Members of the NSW Nurses and Midwives’ Association (NSWNMA) will today gather outside NSW Parliament with community groups, local government representatives, aged care workers and relatives, ahead of a debate on the future of registered nurses in aged care in NSW.
Community support has continued to build across the state, which prompted a petition of more than 10,000 signatures, presented to the parliament back in June. A further 14,000 signatures were handed over to local state MPs in Dubbo, Tweed and Wagga Wagga early this week.
Prior to the scheduled parliamentary debate on the 10,000 signature petition this afternoon, community representatives will rally outside Parliament House and discuss their first-hand experiences of aged care in NSW.
General Secretary of the NSWNMA, Brett Holmes, said carers, aged care advocates and workers would all highlight the importance of retaining the current requirement for registered nurses to be on duty at all times in NSW nursing homes.
“The requirement for registered nurses to be employed 24/7 in our state’s nursing homes and for a director of nursing to be appointed is vital to ensure high quality care is being afforded to some of the most vulnerable people in our community,” Mr Holmes said.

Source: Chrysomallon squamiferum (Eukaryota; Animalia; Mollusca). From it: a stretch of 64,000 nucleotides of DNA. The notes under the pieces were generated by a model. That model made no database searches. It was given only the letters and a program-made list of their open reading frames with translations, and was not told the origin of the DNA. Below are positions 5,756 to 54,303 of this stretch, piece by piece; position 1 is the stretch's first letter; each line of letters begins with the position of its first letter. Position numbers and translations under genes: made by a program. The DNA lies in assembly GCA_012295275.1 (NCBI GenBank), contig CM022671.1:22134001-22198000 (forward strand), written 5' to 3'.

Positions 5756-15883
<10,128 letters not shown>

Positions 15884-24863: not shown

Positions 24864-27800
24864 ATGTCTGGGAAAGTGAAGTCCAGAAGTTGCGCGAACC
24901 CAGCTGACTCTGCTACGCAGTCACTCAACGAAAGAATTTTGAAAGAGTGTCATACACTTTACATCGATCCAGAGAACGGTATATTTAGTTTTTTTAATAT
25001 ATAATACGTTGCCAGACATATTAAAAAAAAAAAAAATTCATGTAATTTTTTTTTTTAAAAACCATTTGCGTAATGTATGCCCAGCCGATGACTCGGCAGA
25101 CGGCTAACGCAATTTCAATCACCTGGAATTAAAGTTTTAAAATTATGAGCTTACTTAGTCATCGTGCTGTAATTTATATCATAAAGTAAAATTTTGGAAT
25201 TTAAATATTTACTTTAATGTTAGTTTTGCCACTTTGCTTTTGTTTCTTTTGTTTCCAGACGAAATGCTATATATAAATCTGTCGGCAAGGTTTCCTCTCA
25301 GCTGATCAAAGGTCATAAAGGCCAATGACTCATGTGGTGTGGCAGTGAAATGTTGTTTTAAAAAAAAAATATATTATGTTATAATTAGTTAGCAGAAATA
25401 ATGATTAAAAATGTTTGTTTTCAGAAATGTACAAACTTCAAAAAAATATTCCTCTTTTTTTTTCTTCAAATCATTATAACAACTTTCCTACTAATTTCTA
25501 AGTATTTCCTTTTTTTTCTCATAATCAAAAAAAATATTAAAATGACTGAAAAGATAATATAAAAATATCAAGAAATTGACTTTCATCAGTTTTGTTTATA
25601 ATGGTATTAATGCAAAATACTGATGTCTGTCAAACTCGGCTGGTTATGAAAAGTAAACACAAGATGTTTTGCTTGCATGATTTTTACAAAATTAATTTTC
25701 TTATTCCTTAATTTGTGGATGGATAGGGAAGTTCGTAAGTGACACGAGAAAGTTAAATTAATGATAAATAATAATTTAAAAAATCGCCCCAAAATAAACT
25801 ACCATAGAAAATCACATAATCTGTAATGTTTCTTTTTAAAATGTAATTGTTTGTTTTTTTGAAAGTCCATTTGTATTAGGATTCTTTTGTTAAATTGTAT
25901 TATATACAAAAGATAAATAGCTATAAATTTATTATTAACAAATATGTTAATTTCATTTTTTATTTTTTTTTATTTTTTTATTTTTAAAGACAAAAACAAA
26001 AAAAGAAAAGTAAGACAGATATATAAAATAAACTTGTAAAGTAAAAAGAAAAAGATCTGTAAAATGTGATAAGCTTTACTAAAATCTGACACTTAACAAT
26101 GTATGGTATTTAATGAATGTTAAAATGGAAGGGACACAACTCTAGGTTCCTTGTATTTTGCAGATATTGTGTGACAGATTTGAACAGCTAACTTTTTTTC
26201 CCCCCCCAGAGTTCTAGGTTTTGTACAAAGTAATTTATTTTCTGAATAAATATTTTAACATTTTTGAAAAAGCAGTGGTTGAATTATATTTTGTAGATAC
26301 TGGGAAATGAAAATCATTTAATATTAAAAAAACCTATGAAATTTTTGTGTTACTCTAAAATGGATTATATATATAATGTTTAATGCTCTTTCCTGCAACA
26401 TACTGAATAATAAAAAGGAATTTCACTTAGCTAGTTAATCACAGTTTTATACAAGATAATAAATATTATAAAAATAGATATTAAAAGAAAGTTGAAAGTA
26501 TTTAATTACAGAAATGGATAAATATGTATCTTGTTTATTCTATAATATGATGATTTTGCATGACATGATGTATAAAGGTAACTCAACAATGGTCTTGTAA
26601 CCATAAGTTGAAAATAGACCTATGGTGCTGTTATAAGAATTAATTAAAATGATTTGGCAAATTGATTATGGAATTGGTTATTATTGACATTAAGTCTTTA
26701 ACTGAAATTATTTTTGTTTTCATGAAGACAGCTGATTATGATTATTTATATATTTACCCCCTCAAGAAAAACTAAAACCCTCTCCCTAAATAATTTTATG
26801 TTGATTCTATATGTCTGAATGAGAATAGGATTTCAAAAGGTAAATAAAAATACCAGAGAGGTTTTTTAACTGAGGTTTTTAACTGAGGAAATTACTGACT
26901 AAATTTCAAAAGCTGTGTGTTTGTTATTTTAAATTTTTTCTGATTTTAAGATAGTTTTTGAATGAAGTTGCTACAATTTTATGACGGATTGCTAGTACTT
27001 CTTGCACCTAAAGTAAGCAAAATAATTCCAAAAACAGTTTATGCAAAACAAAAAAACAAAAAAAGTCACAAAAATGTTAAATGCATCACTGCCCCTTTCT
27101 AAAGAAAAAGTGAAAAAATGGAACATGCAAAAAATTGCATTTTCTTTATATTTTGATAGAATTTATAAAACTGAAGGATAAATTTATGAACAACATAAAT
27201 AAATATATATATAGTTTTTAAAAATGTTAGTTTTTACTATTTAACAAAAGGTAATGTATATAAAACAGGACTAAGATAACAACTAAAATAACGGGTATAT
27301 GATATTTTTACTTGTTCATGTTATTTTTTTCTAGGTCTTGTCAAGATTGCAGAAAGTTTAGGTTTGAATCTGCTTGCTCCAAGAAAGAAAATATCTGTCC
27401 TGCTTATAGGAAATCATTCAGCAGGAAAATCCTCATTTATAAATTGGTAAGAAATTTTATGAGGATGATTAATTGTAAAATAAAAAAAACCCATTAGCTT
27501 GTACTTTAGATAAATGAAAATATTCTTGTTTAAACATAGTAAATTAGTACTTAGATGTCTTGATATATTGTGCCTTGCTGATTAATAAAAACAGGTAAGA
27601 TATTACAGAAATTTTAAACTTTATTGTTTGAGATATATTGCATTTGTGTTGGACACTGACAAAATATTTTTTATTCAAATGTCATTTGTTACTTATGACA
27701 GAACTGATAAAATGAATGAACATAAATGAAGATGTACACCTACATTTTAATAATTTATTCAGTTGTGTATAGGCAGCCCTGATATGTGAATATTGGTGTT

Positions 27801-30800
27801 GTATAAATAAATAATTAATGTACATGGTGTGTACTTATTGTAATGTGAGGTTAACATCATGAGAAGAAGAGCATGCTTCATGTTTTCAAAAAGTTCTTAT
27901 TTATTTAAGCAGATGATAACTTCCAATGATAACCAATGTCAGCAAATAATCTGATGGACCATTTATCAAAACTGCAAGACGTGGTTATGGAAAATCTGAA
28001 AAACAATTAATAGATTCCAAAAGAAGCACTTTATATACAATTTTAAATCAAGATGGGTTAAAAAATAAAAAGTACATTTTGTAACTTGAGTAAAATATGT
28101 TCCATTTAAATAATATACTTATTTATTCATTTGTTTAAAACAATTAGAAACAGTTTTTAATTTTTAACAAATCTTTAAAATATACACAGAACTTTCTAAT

“The comprehensive evidence and widespread community support for this legal requirement to stay in place should be crystal clear for the NSW Health Minister – she has a duty of care to act on behalf of the residents in aged care, their families, carers and all aged care staff – it is imperative.”
The Health Minister passed an amendment in June 2014 to keep the requirement temporarily in place while the Ministry of Health conducted consultations with the aged care sector and stakeholders. The requirement is under threat due to changes to Commonwealth aged care laws.
In addition, an Upper House inquiry was launched in June 2015 into registered nurses in NSW nursing homes. Almost 80 per cent of the 165 written submissions have called for the legal requirement to stay. The Committee is due to hand down its report by the end of October.
The Health Minister is expected to make a decision of the future of the requirement for registered nurses in all NSW nursing homes following the conclusion of the Upper House inquiry.
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